“When inhaled, carbon monoxide binds to hemoglobin in blood, replacing oxygen which would normally bind to hemoglobin. This mechanism results in a reduction of oxygen distribution to critical organs and tissues,” Leonard said.
Lead was a common paint ingredient before being banned in 1978, and houses built before that time commonly contain lead-based paint.
“About 24 million older homes in the U.S. contain deteriorated lead-based paint and elevated levels of lead-contaminated house dust,” the CDC representative said. “Even if lead paint is covered by layers of new paint, stripping or sanding the surface could release hazardous lead dust.”
Children are at increased risk for lead poisoning that can damage their central nervous systems and cause cognitive impairment.
“Young kids of course crawl on the ground and tend to put their fingers and various objects in their mouth, and this increases their potential for exposure to any lead dust or debris in their home environment,” Leonard said.
Other than paint, water pipes, toys, toy jewelry, imported candy and traditional home remedies may also contain lead particles. Lead is also commonly used in some hobbies, like making stained glass.
According to Leonard, landlords are required to disclose the existence of lead paint when purchasing or leasing homes built before 1978, and students concerned about lead paint are encouraged to contact their landlords or University Housing and Residence Life. The Office of Environmental Health and Safety can also provide assistance when assessing concerns.
“They have a waiver that says you waive your right to complain if there is lead paint,” fourth-year Batten student Luke Nicholson said.
Nicholson’s building on JPA was built in 1972, six years before lead-paint use was banned by the U.S. government. Nicholson said that he did not take lead-based risks into account when searching for off-Grounds housing, because of limited options.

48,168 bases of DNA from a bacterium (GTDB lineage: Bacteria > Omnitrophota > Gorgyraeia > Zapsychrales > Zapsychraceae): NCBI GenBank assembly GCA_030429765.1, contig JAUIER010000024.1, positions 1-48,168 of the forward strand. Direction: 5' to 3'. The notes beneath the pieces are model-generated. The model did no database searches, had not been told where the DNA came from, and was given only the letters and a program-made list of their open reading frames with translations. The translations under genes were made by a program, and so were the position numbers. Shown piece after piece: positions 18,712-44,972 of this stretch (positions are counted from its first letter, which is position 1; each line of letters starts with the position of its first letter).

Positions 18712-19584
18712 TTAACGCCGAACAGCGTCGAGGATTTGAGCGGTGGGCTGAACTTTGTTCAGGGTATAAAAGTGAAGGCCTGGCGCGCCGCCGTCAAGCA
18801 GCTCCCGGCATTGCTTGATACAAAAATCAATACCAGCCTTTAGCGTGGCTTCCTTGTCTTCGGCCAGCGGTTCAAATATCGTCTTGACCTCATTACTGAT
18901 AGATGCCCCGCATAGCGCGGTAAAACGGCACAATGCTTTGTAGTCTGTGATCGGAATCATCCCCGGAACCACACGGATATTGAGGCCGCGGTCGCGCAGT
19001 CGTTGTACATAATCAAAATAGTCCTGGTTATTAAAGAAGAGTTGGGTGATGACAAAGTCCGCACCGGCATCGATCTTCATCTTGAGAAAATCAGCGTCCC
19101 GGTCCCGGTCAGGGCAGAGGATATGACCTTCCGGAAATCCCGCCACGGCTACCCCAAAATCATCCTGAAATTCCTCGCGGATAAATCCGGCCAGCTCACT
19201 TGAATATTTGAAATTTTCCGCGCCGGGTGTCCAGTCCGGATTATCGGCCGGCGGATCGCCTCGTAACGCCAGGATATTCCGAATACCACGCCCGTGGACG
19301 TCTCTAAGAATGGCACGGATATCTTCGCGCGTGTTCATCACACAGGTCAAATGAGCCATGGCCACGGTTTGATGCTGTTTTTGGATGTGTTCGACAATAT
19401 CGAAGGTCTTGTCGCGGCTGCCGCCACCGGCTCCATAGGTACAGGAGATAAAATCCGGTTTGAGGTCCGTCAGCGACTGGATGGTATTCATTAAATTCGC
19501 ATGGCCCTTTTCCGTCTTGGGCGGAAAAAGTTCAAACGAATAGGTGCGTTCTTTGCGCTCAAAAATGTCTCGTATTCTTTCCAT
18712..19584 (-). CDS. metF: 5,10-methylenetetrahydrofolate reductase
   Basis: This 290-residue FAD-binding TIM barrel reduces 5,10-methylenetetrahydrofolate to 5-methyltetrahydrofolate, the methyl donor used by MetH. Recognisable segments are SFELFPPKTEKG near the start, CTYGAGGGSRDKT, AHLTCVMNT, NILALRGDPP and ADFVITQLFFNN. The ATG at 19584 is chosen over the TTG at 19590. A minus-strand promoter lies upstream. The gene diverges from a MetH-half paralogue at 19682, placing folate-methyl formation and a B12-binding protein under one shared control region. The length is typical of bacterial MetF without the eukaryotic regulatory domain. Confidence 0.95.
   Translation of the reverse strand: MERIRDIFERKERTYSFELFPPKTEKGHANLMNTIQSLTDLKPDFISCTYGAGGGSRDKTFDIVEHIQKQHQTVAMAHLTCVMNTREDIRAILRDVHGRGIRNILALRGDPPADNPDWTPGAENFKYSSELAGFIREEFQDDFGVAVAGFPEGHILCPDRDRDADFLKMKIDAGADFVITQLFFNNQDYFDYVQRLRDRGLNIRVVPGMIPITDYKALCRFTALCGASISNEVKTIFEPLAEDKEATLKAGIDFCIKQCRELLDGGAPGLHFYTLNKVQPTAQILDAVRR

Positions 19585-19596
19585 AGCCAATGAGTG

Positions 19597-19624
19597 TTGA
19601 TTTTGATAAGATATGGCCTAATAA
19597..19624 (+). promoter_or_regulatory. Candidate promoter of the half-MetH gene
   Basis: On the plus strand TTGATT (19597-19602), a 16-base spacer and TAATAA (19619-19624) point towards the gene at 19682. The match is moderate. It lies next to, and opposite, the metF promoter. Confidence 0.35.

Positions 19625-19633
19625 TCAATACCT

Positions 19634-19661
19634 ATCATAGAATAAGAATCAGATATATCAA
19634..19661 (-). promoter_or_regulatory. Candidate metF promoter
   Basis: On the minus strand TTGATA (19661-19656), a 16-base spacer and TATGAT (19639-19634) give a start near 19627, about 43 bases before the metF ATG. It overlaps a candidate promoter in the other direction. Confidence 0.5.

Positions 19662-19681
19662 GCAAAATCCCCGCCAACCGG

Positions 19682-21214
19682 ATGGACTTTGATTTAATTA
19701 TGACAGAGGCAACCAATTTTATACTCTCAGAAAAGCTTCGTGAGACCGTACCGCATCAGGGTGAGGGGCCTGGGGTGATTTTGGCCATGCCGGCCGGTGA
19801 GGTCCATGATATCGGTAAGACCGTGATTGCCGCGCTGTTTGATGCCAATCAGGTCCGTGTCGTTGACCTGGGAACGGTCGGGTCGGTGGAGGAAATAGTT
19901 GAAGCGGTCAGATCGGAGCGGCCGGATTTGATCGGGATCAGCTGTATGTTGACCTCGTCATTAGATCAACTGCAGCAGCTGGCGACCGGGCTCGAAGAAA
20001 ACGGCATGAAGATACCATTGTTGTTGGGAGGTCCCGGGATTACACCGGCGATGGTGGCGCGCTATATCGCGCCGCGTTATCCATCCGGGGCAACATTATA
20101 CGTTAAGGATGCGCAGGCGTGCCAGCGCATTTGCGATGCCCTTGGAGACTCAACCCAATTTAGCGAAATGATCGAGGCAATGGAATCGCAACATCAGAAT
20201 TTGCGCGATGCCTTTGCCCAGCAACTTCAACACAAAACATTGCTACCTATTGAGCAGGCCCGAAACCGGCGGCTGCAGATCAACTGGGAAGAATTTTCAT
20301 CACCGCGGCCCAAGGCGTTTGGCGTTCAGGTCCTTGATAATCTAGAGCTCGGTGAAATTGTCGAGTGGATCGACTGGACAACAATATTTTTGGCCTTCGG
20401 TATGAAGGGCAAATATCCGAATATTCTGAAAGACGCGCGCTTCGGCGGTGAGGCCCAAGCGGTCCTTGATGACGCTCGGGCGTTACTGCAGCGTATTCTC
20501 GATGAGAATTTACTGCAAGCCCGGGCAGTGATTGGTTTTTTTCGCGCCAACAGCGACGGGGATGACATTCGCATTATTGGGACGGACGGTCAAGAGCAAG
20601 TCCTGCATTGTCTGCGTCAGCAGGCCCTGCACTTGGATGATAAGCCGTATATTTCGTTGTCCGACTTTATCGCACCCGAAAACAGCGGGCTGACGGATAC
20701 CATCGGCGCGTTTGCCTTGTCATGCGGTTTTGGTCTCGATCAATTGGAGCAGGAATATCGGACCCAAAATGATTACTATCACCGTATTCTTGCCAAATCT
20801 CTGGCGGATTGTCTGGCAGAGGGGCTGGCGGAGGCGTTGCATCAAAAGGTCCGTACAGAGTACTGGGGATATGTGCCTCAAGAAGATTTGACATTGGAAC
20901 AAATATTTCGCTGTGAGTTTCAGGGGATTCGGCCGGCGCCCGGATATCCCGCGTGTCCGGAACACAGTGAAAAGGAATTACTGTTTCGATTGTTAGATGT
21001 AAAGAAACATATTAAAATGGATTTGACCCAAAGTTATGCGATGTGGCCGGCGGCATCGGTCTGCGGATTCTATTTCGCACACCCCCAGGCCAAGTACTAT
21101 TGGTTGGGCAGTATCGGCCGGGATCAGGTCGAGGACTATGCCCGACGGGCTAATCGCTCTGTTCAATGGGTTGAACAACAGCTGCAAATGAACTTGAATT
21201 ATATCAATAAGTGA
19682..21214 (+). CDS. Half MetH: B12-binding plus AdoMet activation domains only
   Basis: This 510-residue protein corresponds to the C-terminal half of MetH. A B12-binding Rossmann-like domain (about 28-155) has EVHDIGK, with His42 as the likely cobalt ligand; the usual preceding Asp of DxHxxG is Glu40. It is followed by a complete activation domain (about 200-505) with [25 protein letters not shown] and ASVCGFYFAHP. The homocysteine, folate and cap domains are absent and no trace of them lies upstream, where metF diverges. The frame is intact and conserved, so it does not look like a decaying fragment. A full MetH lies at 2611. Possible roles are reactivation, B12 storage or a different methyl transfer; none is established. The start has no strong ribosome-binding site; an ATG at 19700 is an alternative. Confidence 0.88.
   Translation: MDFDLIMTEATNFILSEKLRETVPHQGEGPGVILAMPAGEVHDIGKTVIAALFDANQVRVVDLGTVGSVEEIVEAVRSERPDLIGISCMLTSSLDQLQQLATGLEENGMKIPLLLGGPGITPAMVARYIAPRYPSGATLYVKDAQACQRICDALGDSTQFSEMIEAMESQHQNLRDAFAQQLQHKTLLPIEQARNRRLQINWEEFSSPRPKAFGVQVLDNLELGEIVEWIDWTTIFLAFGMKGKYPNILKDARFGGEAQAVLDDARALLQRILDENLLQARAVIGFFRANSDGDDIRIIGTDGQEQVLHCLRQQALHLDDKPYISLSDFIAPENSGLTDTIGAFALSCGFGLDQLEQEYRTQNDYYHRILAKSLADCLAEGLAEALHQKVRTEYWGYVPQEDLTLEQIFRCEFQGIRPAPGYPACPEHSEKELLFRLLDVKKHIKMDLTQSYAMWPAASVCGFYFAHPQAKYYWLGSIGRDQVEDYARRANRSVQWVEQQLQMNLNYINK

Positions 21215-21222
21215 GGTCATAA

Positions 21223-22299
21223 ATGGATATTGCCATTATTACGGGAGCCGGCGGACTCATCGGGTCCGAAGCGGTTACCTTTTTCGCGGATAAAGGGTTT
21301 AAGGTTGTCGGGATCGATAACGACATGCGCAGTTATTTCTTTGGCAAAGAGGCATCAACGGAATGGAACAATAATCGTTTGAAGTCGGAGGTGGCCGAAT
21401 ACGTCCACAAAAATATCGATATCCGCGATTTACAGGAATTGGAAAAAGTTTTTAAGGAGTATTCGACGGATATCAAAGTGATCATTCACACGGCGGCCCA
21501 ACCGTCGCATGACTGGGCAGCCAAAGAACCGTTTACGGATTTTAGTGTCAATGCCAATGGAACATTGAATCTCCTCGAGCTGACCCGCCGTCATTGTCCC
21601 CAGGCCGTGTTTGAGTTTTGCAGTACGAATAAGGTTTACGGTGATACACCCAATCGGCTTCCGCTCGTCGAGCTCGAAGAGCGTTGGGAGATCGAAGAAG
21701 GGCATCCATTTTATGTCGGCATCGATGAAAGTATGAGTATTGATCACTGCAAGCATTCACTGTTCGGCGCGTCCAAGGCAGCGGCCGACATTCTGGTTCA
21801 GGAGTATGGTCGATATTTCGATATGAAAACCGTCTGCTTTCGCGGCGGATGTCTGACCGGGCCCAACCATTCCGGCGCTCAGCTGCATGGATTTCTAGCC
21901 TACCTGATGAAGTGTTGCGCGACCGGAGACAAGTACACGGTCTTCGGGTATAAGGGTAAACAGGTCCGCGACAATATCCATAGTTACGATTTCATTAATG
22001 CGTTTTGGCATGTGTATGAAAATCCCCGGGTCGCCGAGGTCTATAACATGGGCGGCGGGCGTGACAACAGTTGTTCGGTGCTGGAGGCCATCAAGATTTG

“You kind of pick whatever you can find, because there’s not enough housing,” Nicholson said. “We weren’t aware of [the lead paint waiver] until we had already poured the deposit and agreed to live here.”
Nicholson emphasized that the lead waiver is located on the last page of the leasing contract.
Other residential environment health concerns include asbestos and radon, and indoor air quality can be degraded by chemicals in cleaning products, pesticides and volatile emissions from carpets and other materials, Leonard said.
“I would say that students should be particularly mindful of fire-related risks in the residential environment,” Leonard said. “Environmental contaminants are often a focus of concern because of the involuntary nature of exposure … yet fire remains among the greatest risks for students nationwide, particularly when living off campus.”
Students living in University-managed properties are unlikely to encounter residential environmental hazards, Leonard said.
“There’s a premium placed on student safety here,” Leonard said. “Our facilities are well maintained and staff are continually mindful of managing risk.”
For any concerns regarding residential environmental health concerns, students can contact HRL or EHS.